“Look at my son,” this desperate father cries. “Look at him.” His only child is seized by a spirit, he shakes and foams at the mouth, he yells out. Today, we might recognize this condition as epilepsy. All this father knew is that his only child was suffering. He held his whole world in his arms, and implored Jesus to look and see. And Jesus does.
In the moments on the mountain, Peter, James, and John get to see Jesus for who he is. But Jesus is also revealed here in the valley. Jesus is revealed as a God who sees. As a God who cares enough to look at us. To see us. To see our needs. To see our suffering and pain, even if we try to hide it. To see our hopes and dreams and fears.
Jesus is revealed as a God who changes us. He casts out the demon and heals the boy. He gives the disciples a mission and a purpose. Jesus tells us that God has hopes and dreams for this world and Jesus puts those hopes and dreams in motion. He lifts up the lowly, he embraces the outcast, he feeds the hungry crowds.
Jesus is revealed as a God who is not afraid of suffering, but instead enters into it with us. A God who comes down off the mountain to meet us where we are, even if that place is scary and full of pain. Jesus never leaves us in that place alone. Because Jesus is revealed as God of transfiguration. A God of transformation. A God of resurrection.
And we are desperately in need of it. Our world is desperately in need of it. When we encounter God, we are changed. We are made different. Sometimes that encounter happens on the mountaintop where things are shiny and happy. There’s nothing wrong with that. But sometimes that encounter happens in the valley, where our lives are scary and unsure. And there’s nothing wrong with that, either.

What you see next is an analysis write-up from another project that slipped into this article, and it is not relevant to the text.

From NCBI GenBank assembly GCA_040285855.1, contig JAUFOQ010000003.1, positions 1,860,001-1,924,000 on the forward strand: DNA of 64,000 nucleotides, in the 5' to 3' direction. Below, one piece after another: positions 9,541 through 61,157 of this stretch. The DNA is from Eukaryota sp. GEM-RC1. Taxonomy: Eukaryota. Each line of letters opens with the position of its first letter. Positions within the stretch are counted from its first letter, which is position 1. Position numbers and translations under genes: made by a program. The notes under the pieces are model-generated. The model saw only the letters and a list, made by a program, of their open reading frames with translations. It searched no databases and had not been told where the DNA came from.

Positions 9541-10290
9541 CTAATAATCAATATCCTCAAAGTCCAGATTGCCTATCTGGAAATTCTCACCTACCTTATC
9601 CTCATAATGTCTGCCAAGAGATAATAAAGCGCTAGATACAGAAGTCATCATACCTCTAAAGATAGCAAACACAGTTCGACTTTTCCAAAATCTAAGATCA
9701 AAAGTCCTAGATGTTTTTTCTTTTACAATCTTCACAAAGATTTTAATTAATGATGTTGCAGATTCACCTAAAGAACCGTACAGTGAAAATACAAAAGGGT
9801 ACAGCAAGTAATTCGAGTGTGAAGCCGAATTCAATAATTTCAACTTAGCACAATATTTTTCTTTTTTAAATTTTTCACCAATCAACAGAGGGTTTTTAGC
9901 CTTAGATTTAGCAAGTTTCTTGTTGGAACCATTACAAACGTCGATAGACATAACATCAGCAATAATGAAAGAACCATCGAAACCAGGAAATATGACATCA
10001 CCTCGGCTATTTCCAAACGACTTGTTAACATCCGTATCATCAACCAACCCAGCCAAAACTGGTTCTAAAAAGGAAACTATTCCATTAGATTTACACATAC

Wherever it happens, when we encounter God, we are changed. We might not glow like Moses, but we too reflect the glory of God. It might make some people uncomfortable. Sometimes people aren’t comfortable encountering God’s expansive, boundary-crossing love. Sometimes people aren’t comfortable with how God changes us. With who God pushes us to be, or with whom God sends us to embrace.
It might make us want to hide that light, to dim God’s love reflected in our lives. Let’s not do that. Let’s let that light shine. Because God is with us in every situation. God is with us on the mountaintops and in the valleys of our lives. Let’s bring that shiny, brilliant love of God to all that we do, letting it shine forth in our lives and into the world. Amen.